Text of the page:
MarketWatch Slams Windows 8, Calls it Unmitigated Disaster

John Dvorak from MarketWatch recently uploaded his review of the current Windows 8 Release Preview, calling the upcoming OS an "unmitigated disaster" that could possibly hurt the company and its future as an OS provider. While this opinion may sound a little harsh regarding an operating system still baking in the oven, many of his comments echo remarks made by other journalists in their hands-on reviews, past and present.

"The real problem is that it is both unusable and annoying," Dvorak writes. "It makes your teeth itch as you keep asking, 'Why are they doing this!?' First of all, the system-software product is mostly divorced from all the thought and trends developed by Windows over the years, as if to say that they were wrong the whole time, so let's try something altogether new. No business will tolerate this software, let me assure you. As a productivity tool, it is unusable."

He goes on to point out that the blocky Metro interface is both more useful and wanted on a smartphone or tablet than a PC. Granted that AIO PC's sell rather well and sport touch-capable screens, do consumers really use this feature on a daily basis? Dvorak for one doesn't like finger smudges on his screen, thus preferring the old-school mouse-keyboard combo assumingly loved by most desktop users.

He also points out that there are issues with trying to use one GUI across every platform, and that perhaps not everyone will want a unified experience. Both Apple and Google have already pointed out this specific issue, saying that separate form factors need their own operating system due to their specialized hardware-based benefits.

"This is insanity, plain and simple. It’s even more nuts knowing that nobody is waiting in line to buy Windows Phone in the first place, and the tablet is untested in the market. So the company jumps ahead to the desktop?" he writes. "The potential for this OS to be an unrecoverable disaster for the company is at the highest possible level I’ve ever seen. It ranks up there with the potential for disaster that the Itanium chip presented for Intel Corp. It’s that bad."

Dvorak predicts that the public and enterprise sectors will demand Windows 7 throughout 2013 until Microsoft abandons the "soulless Metro interface," and hires on a new design team fast.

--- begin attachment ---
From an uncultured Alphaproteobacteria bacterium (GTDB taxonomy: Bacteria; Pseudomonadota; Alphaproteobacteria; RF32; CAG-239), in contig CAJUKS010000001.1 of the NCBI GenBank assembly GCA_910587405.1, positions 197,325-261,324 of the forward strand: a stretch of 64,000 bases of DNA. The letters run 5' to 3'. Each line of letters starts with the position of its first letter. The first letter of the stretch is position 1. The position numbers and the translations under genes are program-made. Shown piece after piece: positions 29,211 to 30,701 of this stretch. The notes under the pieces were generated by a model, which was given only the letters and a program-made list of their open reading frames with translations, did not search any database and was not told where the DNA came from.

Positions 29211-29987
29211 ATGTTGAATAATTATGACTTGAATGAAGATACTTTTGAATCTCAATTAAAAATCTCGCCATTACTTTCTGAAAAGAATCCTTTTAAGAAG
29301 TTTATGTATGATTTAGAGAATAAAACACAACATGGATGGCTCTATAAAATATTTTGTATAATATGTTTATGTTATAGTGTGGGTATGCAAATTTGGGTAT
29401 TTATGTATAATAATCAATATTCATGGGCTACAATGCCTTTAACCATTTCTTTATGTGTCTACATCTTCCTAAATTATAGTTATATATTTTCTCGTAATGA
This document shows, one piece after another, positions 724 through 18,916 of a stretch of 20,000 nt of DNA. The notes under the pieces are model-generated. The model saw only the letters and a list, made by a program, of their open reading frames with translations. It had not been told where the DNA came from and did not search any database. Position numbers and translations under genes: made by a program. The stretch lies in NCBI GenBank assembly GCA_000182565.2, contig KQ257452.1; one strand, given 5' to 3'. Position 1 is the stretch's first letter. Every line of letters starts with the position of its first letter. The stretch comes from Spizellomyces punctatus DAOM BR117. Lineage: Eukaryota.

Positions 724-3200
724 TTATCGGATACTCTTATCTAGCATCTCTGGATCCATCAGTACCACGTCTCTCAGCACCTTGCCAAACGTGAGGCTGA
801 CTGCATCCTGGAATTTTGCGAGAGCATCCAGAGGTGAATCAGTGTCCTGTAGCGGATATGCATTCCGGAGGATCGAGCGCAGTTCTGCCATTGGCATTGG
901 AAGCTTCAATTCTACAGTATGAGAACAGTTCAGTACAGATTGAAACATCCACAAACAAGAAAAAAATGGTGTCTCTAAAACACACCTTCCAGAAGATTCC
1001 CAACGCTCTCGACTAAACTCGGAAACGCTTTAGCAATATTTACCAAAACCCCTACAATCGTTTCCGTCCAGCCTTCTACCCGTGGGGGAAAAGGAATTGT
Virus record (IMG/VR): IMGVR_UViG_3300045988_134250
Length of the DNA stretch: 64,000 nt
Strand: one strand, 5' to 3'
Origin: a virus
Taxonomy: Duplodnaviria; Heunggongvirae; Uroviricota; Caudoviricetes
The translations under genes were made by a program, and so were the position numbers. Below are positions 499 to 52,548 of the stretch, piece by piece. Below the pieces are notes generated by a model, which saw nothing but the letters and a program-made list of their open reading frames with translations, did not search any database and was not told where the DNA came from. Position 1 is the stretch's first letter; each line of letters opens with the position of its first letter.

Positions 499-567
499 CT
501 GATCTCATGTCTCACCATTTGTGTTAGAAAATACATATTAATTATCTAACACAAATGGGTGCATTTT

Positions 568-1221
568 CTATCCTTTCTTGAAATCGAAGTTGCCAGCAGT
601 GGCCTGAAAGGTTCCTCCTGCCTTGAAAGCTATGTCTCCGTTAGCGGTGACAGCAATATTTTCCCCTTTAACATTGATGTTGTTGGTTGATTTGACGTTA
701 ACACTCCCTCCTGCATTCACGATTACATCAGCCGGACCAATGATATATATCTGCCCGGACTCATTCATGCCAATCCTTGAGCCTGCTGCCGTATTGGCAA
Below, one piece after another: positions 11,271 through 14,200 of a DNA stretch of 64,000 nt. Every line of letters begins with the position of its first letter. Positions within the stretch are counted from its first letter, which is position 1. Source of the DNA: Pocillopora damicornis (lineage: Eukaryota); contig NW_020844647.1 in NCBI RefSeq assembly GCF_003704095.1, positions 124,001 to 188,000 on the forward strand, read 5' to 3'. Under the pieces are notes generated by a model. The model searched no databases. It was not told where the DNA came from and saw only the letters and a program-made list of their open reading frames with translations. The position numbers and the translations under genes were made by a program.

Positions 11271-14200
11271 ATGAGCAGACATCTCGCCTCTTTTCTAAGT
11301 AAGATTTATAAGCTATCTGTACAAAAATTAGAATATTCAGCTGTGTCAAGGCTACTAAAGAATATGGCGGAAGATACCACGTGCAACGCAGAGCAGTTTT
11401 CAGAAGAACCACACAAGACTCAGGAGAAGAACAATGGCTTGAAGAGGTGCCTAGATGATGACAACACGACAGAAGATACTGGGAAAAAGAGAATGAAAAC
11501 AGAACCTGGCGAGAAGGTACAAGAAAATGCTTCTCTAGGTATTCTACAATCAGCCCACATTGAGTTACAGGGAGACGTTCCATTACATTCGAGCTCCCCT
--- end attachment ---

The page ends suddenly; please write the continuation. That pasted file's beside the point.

To read the full evaluation of Windows 8 Release Preview, head here. For the record, he does admit that the Metro UI is "refreshingly slick-looking and modern," but then adds that it's "without any charm whatsoever."

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  • killerclick
    I'm a Metro-hater so I think this is spot on, but in 1984 this guy predicted Macintosh would fail because it forces a mouse on users, because it has no cursor keys or a numeric keypad, because icons as a concept are unintuitive and because fonts are unnecessary. He also said the iPhone and iPad would not be successful, so... now I'm not sure. Let's wait and see. :)
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  • mman74
    Why do I get the feeling that this is the little boy in The Emperor's New Clothes? I have been feeling the exact same thing, weird cumbersome interface, nothing works and is out how you are used to, tries to hard to do two things but succeds on neither front. I was thinking that but didn't say it in case everyone thought I was dumbass who didn't know anything about progress! LOL!
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  • bigdragon
    I completely agree with John Dvorak. I don't want to read any more excuses to leave an unfinished product alone. I've been through enough beta tests to know how little actually changes between public release and final production. I've rarely ever seen positive change. I gave 8 a chance and the Metro UI is anti-productive on a desktop. The start screen is a poor replacement for the start menu. The traditional desktop is not sufficiently divorced from the Metro UI. Dvorak is spot-on and it's about time we started seeing more people pointing out the flaws. Microsoft can't fix flaws if everyone kisses their butts.

    8 is the next Vista. It's the next ME. I don't want my desktop to behave like a Windows Phone. I don't want full screen apps. I don't want UI solutions that take up more space than they actually need because they assume I'm not utilizing it. I can see myself sticking to Windows 7 like I did with XP. If 9 doesn't fix the problems with 8 then I'm jumping ship. I will jump ship to Chrome OS or even Mac OS. I already had to switch desktop environments in Linux due to what the idiots at GNU have done with Gnome 3.
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  • Other Comments
  • Yuka
    I wonder if those reviews are from Intel paid grunt journalists as a form of payback to MS because MS its now supporting ARM and having better Bulldozer support...

    Heh, bad conspiracy theories aside, I'll reserve judgement until I use it.

    Cheers!
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  • kcorp2003
    i have about a dozen computers to grade to windows 8. let the games begin.
    -25
  • mman74
    Why do I get the feeling that this is the little boy in The Emperor's New Clothes? I have been feeling the exact same thing, weird cumbersome interface, nothing works and is out how you are used to, tries to hard to do two things but succeds on neither front. I was thinking that but didn't say it in case everyone thought I was dumbass who didn't know anything about progress! LOL!
    24